TOKYO — Japan and five Southeast Asian nations along the Mekong River adopted a new three-year strategy Tuesday centering on improving connectivity through promotion of “quality infrastructure” building for regional development.
The document endorsed by Japanese Prime Minister Shinzo Abe and the leaders of Cambodia, Laos, Myanmar, Thailand and Vietnam at the Mekong-Japan Summit Meeting also cited human resource development and environmental protection as main pillars of cooperation.
On regional security, the leaders reaffirmed their commitment to addressing tensions over North Korea’s nuclear and missile programs and the South China Sea, where China has been expanding its military clout, according to the document.
“We want to make efforts to realize peace, development, sustainable growth and a rich, prosperous future for this region,” Abe said in a press conference after the summit. He expressed Japan’s readiness to provide support for 30,000 workers in various sectors in the Mekong region over the next three years.
Under the “Tokyo Strategy 2018 for Mekong-Japan Cooperation,” the leaders of the Mekong countries welcomed Japan’s policy to realize a “free and open” Indo-Pacific, designed to promote stability and prosperity in areas between Asia and Africa rooted in rule-based order and freedom of navigation.
Abe and Cambodian Prime Minister Hun Sen, Laotian Prime Minister Thongloun Sisoulith, Myanmar leader Aung San Suu Kyi, Thai Prime Minister Prayut Chan-o-cha and Vietnamese Prime Minister Nguyen Xuan Phuc hailed the progress in physical infrastructure development that has enhanced land, maritime and air connectivity in the region.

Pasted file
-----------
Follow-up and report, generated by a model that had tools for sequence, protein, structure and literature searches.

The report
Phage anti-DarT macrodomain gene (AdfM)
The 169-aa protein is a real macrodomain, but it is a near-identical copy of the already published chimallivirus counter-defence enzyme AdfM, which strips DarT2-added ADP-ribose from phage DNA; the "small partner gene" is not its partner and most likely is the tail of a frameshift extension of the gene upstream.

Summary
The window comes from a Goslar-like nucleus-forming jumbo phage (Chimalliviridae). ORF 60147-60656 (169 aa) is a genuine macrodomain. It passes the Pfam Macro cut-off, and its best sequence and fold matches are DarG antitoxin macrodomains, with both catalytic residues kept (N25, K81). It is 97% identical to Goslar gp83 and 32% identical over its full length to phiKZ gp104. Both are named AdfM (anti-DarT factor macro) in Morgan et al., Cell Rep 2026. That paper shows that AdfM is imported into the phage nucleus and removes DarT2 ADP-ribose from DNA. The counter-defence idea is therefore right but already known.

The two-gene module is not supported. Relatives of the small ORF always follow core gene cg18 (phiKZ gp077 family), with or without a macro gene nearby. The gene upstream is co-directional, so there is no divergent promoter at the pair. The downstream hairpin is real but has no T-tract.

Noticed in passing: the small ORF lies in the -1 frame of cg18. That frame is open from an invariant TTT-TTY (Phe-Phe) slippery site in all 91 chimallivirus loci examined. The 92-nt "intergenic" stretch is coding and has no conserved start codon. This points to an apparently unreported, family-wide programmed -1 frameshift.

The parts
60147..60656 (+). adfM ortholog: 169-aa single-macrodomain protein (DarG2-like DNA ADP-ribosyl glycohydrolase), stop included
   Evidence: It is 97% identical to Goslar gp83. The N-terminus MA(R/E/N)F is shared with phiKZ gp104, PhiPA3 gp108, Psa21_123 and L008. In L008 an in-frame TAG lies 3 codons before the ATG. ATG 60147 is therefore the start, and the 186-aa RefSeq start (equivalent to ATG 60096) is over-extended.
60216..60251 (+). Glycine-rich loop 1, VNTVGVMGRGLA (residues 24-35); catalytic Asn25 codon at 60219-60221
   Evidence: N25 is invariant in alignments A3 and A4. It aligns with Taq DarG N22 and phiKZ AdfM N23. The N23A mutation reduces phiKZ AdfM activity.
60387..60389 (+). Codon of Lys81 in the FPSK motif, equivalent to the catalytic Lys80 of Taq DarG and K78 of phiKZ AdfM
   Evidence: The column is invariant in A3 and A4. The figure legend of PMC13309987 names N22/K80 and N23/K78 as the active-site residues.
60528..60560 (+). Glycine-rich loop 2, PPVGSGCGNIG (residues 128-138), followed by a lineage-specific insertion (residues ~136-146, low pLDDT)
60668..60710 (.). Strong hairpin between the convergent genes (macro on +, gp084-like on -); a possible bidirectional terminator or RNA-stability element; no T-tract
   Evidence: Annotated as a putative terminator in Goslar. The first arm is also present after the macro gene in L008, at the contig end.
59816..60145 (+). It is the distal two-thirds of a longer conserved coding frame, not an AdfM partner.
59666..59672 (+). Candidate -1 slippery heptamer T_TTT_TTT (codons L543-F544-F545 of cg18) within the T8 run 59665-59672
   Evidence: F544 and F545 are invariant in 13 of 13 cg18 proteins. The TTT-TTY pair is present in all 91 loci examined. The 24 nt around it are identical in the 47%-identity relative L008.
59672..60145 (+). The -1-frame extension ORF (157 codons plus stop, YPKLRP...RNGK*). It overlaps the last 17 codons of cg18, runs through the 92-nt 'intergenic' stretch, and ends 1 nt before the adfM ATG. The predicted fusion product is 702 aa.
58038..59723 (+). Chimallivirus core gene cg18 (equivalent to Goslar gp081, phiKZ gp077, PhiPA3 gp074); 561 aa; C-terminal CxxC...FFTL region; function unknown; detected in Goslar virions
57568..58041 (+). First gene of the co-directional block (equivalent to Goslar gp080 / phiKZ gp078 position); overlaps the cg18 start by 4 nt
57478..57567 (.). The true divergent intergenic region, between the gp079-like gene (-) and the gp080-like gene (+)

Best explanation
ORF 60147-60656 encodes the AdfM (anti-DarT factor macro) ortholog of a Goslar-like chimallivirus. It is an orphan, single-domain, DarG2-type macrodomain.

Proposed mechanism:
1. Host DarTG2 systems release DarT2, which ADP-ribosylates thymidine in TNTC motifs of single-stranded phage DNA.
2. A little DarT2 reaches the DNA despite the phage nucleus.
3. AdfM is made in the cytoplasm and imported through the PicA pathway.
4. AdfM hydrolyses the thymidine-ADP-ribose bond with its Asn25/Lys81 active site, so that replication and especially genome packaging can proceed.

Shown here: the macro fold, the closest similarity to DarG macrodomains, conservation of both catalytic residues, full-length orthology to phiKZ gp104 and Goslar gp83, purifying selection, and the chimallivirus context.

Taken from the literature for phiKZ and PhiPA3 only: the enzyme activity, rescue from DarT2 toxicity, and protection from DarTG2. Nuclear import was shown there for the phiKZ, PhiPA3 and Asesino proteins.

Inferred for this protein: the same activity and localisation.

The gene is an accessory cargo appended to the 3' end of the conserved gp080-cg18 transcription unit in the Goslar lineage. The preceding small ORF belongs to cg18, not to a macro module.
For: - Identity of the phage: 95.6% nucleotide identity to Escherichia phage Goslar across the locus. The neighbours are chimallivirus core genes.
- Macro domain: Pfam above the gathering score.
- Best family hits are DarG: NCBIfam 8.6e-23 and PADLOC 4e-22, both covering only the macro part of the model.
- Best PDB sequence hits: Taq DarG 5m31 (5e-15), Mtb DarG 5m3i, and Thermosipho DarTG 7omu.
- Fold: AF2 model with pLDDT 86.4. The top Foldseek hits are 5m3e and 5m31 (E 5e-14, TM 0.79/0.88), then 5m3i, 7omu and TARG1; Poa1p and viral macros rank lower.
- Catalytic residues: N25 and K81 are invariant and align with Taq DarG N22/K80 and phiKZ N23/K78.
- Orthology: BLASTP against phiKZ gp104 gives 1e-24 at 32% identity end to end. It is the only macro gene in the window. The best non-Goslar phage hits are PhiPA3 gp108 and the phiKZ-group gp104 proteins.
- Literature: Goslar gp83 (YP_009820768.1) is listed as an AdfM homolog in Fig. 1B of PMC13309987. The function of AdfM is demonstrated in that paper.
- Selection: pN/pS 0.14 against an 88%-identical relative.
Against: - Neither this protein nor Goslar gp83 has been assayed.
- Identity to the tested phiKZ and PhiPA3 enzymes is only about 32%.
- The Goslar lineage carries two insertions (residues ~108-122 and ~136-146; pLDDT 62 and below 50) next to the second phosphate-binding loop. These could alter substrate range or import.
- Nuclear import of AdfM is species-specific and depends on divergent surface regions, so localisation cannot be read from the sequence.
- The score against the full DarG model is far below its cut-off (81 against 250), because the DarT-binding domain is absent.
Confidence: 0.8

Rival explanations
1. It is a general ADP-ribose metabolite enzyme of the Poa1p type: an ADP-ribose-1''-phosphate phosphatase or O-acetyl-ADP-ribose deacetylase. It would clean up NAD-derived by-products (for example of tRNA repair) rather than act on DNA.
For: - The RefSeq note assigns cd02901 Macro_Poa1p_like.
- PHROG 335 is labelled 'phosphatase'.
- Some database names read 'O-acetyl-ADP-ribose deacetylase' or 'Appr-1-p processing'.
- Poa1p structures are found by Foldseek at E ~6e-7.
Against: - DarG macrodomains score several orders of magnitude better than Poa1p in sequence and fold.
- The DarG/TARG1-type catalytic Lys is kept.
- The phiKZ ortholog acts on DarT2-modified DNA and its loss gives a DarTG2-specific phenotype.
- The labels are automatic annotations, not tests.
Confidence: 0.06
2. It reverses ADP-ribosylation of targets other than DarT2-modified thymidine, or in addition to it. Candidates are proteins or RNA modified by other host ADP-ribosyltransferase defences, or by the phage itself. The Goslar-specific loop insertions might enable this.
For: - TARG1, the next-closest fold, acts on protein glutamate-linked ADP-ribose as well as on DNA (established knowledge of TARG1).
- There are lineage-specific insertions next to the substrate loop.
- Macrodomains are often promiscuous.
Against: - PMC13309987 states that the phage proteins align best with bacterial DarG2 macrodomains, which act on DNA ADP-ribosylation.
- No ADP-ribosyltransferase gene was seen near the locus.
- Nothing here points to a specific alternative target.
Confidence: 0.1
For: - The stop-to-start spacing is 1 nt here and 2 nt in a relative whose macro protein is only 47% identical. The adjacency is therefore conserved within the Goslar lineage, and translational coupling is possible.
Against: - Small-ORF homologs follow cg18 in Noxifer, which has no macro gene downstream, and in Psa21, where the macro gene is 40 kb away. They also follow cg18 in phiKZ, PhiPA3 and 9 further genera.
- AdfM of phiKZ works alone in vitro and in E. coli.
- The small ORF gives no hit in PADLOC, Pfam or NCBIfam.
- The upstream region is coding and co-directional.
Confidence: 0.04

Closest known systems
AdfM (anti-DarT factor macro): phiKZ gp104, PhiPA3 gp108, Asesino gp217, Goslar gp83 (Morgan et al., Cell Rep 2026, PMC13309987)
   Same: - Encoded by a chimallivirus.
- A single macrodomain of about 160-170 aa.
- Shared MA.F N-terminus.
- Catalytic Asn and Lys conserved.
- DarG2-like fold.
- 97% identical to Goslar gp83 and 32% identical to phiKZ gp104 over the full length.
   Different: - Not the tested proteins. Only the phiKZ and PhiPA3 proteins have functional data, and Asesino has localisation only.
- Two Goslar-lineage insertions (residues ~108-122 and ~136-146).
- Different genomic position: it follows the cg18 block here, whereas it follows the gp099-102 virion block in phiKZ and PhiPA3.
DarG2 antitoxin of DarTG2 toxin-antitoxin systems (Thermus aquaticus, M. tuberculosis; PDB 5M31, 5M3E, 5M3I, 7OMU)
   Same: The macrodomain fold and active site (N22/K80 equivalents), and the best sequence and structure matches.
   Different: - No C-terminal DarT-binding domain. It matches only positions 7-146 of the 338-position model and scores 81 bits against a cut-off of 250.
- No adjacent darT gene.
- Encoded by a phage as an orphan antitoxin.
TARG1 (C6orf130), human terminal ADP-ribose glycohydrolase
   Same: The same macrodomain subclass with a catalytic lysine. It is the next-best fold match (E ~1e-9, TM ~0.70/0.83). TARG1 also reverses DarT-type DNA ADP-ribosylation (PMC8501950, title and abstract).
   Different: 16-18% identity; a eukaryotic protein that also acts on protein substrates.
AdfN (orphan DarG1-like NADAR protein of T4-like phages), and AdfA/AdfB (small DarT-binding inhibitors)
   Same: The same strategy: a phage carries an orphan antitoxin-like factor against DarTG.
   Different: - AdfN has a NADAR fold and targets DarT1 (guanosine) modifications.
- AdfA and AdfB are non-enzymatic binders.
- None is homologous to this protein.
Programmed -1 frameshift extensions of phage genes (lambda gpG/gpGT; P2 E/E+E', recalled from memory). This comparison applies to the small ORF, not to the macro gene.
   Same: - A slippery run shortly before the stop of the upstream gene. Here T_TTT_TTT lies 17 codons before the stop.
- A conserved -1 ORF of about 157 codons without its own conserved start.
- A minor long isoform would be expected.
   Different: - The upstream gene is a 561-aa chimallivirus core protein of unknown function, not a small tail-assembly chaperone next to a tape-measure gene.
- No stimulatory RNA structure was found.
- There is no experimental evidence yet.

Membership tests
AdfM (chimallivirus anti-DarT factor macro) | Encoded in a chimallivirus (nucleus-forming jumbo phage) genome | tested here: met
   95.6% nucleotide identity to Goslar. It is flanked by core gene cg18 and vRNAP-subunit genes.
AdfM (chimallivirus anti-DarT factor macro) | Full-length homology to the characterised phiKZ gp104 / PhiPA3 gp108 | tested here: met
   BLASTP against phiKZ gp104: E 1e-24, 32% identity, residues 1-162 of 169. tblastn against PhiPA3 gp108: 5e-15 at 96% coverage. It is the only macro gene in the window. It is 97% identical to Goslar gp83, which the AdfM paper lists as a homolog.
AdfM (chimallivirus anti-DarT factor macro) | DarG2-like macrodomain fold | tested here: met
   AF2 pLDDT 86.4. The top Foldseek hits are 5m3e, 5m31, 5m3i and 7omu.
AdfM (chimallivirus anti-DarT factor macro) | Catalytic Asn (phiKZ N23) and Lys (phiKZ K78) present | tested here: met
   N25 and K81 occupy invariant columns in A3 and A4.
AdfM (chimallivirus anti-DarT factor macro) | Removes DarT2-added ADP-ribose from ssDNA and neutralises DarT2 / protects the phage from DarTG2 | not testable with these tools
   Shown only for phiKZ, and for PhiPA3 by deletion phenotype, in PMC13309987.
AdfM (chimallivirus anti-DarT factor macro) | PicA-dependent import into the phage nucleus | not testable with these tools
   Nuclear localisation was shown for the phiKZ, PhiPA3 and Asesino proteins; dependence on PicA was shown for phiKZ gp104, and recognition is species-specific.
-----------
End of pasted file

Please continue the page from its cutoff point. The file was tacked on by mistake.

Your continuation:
The Mekong region is seen as a promising market and an important destination for Japanese companies’ infrastructure exports as its combined population stood at 238 million and its aggregate gross domestic product totaled $781 billion in 2017, according to the International Monetary Fund.
Tokyo also views the Mekong area as geopolitically important as it is located between India and China, two major powers in the region, and faces vital shipping lanes in the South China Sea, Japanese officials said.
The six leaders also reaffirmed the need to modernize customs to facilitate cross-border security and customs clearance and pledged to support the participation of non-Mekong countries in the supply chain of the Mekong region.
They agreed to promote cooperation in the fields of telecommunication, cybersecurity and broadcasting, and underlined the significance of human resource development in light of the advancement of artificial intelligence, digital-related areas and international business.
They also called for accelerating progress toward achieving universal health coverage by 2030, or ensuring that every person can obtain the health care services they need without suffering financial hardship, and promoting collaboration in the field of education.
With the aim of realizing a “Green Mekong,” the leaders cited measures against climate change and marine debris pollution, water resource management and disaster risk reduction as their priority areas, according to the document.
On North Korea, the leaders welcomed ongoing diplomatic moves, including the first-ever U.S.-North Korean summit in June, as a step toward the comprehensive resolution of outstanding issues involving the country.
They also called for the realization of Pyongyang’s “complete, verifiable, and irreversible dismantlement of all weapons of mass destruction and ballistic missiles of all ranges” in accordance with U.N. resolutions.
In the press conference, Abe also said Japan has gained support from the Mekong countries in its attempt to resolve the issue of past abductions of Japanese nationals by the North.
As for the South China Sea, they “took note of some concerns” over the situation, including land reclamation and activities in the area, alluding to China’s muscle-flexing without singling out the country by name.
The leaders expressed their readiness to maintain freedom of navigation in and overflight above the South China Sea. Among the participating countries, Vietnam has overlapping territorial claims with China in the waters.
The Mekong-Japan Summit has been convened every year since 2009, with the aim of pursuing sustainable development and narrowing the development gap in the region. Japan hosts the gathering every three years.